In an effort to advance fifth-generation (5G) wireless services, the US Federal Communications Commission (FCC) announced on Friday that it had opened bidding in its latest mid-band spectrum auction.
On this occasion, FCC Chairwoman Jessica Rosenworcel said: “We all know there are gaps in 5G coverage, especially in rural America, and this auction is a unique opportunity to fill them in.”
Auction 108 makes available 8,017 new flexible-use overlay licenses in the 2.5 GHz band. These licenses are county based, located in areas with unassigned 2.5 GHz spectrum – i.e. mostly rural parts of the country. The auction started at on July 29 at 10 am ET and it utilizes a “clock-1” format, which is similar to the clock phase of past FCC auctions. However, it will only give a single frequency-specific license in a category per county, rather than multiple generic spectrum blocks in a category in a certain geographic area.
Congress awarded $42.5 billion in Commerce Department grants last year to increase the physical deployment of broadband in places, like rural areas, without access to high-speed service.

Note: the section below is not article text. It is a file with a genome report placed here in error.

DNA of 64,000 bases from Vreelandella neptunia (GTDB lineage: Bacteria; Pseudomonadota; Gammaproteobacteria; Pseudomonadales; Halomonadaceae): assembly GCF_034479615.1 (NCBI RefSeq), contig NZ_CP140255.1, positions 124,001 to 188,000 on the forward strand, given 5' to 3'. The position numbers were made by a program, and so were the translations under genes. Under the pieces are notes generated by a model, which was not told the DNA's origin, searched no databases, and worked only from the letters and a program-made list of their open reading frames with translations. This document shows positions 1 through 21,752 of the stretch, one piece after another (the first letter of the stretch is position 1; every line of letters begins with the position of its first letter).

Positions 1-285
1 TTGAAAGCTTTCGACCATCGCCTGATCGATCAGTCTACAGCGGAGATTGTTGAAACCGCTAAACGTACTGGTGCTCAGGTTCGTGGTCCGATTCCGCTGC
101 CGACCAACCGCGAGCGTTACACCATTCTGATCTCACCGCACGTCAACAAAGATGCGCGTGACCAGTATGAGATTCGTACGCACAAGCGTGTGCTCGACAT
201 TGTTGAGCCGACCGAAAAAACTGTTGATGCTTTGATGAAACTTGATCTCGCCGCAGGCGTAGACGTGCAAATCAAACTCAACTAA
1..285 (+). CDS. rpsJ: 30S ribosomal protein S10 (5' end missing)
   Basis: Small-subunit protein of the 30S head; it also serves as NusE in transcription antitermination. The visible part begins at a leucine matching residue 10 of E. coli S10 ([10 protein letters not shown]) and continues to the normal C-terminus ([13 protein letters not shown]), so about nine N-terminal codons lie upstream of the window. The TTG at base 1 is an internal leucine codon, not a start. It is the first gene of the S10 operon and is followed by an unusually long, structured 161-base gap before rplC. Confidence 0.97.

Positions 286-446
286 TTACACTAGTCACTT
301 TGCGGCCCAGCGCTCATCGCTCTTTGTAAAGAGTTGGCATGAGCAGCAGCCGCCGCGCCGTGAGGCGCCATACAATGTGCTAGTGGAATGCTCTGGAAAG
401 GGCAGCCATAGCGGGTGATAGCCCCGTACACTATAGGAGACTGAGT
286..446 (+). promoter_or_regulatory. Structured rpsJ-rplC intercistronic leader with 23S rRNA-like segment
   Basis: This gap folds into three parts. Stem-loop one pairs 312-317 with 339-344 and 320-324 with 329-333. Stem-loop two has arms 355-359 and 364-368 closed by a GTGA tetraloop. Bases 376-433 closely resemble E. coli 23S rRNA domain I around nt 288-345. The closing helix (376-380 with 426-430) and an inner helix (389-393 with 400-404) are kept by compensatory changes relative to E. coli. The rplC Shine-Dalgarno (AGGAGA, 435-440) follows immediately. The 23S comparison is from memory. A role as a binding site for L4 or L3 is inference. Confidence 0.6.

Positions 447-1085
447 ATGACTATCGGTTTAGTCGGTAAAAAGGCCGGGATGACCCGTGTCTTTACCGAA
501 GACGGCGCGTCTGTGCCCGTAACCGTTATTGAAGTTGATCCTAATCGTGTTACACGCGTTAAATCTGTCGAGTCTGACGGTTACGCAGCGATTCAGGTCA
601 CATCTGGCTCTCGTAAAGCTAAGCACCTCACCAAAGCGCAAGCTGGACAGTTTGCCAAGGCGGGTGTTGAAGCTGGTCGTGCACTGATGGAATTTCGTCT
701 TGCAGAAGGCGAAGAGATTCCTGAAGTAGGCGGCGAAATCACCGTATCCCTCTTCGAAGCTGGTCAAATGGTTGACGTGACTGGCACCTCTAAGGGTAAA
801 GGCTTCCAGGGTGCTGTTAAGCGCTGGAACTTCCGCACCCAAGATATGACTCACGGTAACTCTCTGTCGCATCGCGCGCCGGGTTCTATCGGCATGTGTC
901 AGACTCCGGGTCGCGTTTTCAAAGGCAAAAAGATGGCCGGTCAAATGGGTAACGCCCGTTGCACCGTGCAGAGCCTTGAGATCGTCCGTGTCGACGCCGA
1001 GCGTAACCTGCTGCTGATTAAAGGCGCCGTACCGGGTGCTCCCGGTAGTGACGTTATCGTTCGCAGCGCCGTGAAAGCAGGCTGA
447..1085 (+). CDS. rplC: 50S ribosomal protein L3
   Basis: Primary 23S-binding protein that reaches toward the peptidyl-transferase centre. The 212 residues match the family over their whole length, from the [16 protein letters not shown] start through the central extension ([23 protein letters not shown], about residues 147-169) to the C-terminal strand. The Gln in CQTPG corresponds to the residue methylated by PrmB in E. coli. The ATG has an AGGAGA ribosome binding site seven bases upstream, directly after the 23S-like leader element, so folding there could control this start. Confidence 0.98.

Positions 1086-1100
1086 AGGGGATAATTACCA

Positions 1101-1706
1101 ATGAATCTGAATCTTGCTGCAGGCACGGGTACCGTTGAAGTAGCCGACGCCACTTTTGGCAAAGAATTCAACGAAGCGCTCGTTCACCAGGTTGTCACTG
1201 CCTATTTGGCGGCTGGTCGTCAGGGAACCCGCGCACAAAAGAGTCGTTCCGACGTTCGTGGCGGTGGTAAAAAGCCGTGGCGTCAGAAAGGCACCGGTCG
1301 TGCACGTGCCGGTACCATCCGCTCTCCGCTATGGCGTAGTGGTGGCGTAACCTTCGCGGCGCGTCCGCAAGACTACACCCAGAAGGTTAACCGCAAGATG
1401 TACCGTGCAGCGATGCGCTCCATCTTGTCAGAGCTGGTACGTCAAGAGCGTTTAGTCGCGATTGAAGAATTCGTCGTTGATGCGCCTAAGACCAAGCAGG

The FCC has been auctioning spectrum in recent years in order to help meet the rising demand for wireless connectivity as the number of internet-connected devices rises sharply.
The three biggest wireless providers in the United States won $78 billion in bids in an FCC 5G C-Band spectrum auction. Ultimately, Verizon paid $52 billion for 3,511 licenses and to quickly clear its use. AT&T and T-Mobile each received licenses worth $23.4 billion and $9.3 billion, respectively.
In February, the FCC and National Telecommunications and Information Administration (NTIA) pledged to improve coordination on spectrum management after a 5G aviation dispute jeopardized flights earlier this year. The agencies announced that they will settle spectrum policy disputes collaboratively and are holding formal, scheduled meetings to conduct joint spectrum planning.
The public can follow what is happening with Auction 108 at the link.